The importance of analyses of antigenic match and monitoring influenza vaccine effectivenessArchived

ECDC comment

Influenza viruses pose a particular challenge for those designing vaccines for humans. Much of the protective immunity that humans have against these viruses following natural infection or vaccination is due to immunological recognition of the haemagglutinin (HA) surface glycoprotein.

The HA changes continuously hence great care is taken to match the antigens in the current trivalent vaccines [A(H1N1), A(H3N2) and a B virus] with the most prominent currently circulating human viruses.  To inform the selection of vaccine antigens national influenza reference laboratories (WHO National Influenza Centres: NICs) conduct year round influenza surveillance. They report to the World Health Organization (WHO), to provide continuous monitoring of the virology and epidemiology of influenza viruses in humans [1].

This complex virological surveillance network, the WHO Global Influenza Surveillance and Response System, was initially established more than 60 years ago. The WHO Collaborating Centres for human Influenza play a key role; following receipt of virus isolates/clinical specimens from NICs, WHO Collaborating Centres undertake detailed antigenic and genetic analyses of circulating influenza viruses to monitor the current mix of viruses, particularly looking for significant numbers of newly evolved antigenic variants of the influenza A (H3N2 and H1N1) and B viruses that fall within distinct phylogenetic groups, to provide an integrated assessment of the characteristics of circulating viruses.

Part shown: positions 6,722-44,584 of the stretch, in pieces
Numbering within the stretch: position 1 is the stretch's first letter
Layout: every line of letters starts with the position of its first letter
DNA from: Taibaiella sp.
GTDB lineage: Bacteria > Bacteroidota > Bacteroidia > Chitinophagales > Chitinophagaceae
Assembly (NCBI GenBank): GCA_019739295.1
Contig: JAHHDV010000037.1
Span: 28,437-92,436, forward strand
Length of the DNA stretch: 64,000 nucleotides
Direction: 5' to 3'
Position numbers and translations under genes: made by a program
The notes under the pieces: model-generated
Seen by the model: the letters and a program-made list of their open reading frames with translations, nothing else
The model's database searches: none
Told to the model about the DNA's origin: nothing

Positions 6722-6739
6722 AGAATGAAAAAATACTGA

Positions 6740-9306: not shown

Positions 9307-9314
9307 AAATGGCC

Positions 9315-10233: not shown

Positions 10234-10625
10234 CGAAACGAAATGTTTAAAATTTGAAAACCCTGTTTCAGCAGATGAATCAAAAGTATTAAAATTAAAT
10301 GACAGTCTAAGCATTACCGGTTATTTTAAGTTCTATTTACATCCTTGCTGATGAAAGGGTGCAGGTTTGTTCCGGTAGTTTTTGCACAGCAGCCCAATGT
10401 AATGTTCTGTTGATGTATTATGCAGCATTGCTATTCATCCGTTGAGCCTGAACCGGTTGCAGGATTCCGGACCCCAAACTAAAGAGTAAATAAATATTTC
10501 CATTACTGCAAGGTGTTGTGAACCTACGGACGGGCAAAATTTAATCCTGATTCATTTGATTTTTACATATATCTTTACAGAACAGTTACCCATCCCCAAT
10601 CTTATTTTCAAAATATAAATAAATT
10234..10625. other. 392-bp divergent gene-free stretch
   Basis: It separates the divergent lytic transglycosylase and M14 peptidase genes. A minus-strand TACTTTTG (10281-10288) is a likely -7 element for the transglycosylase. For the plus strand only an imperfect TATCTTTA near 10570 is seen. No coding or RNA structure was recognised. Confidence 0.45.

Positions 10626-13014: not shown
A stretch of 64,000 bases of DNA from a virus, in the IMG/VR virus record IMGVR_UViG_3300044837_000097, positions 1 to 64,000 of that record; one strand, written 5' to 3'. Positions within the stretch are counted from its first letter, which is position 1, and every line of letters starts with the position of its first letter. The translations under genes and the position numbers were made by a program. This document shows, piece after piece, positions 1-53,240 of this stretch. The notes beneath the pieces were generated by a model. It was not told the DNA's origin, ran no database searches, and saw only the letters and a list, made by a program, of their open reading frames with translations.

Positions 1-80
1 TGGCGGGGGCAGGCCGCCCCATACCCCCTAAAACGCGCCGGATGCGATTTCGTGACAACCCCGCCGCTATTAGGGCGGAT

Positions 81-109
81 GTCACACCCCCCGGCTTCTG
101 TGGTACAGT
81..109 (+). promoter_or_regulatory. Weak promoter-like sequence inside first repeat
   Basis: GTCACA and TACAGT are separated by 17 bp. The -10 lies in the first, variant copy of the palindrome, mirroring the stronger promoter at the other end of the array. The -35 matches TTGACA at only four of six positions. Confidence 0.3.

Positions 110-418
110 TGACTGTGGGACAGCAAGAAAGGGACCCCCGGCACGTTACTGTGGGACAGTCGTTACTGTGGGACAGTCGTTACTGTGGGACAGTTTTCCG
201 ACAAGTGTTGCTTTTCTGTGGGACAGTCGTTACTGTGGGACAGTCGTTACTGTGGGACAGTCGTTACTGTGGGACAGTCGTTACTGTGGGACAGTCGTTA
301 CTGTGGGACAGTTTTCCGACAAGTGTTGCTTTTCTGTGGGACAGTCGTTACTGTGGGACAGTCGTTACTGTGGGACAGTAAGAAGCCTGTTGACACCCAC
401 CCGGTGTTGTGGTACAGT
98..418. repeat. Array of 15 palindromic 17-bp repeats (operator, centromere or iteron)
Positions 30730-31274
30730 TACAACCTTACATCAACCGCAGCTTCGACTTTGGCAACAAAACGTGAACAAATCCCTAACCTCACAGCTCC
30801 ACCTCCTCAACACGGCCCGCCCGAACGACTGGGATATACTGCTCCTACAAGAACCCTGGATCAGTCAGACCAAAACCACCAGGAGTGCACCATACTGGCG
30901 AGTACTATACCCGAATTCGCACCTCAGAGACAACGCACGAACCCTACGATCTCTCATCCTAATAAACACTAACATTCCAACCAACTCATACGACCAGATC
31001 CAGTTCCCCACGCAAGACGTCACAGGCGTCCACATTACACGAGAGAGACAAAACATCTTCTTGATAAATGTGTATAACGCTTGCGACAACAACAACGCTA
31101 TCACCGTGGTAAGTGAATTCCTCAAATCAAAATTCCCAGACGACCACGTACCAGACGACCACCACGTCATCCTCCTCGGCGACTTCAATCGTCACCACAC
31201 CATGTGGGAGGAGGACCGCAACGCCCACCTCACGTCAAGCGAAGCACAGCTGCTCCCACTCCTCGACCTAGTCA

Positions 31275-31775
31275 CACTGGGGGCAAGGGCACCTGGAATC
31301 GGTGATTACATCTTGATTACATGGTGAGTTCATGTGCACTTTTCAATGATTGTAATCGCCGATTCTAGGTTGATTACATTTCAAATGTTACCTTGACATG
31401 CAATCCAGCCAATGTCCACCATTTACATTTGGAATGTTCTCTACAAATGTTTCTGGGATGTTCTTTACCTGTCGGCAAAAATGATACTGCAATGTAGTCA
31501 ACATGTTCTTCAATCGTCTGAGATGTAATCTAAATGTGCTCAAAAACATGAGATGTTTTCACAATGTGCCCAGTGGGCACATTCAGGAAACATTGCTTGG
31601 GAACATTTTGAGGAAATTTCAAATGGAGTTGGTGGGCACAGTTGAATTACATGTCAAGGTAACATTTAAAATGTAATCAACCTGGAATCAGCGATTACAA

Twice yearly, the data and analyses are collectively reviewed by the Collaborating Centre scientists, WHO staff and other investigators (largely NIC representatives) to make recommendations on which virus strains should be used in influenza vaccines for the coming influenza season [2]. The review-meetings take place in February and September, focussing on viruses in the influenza seasons for Northern and Southern hemisphere temperate countries, respectively. These meetings are timed to afford the vaccine manufacturers a lead time of about six months for the timely delivery of the vaccine to countries, e.g. in September for the Northern Hemisphere. For the Northern Hemisphere, if influenza transmission does not pick up until January, a period of very intense collection and forwarding of clinical specimens for analysis at NICs will occur, who in turn, will forward a representative selection of specimens to a WHO CC for detailed analysis. Within Europe, the WHO CC is located in London, UK and this Centre is also part of the Community Network of Reference Laboratories: with ECDC, it produces and publishes summaries of influenza virus characterisation in Europe at regular intervals.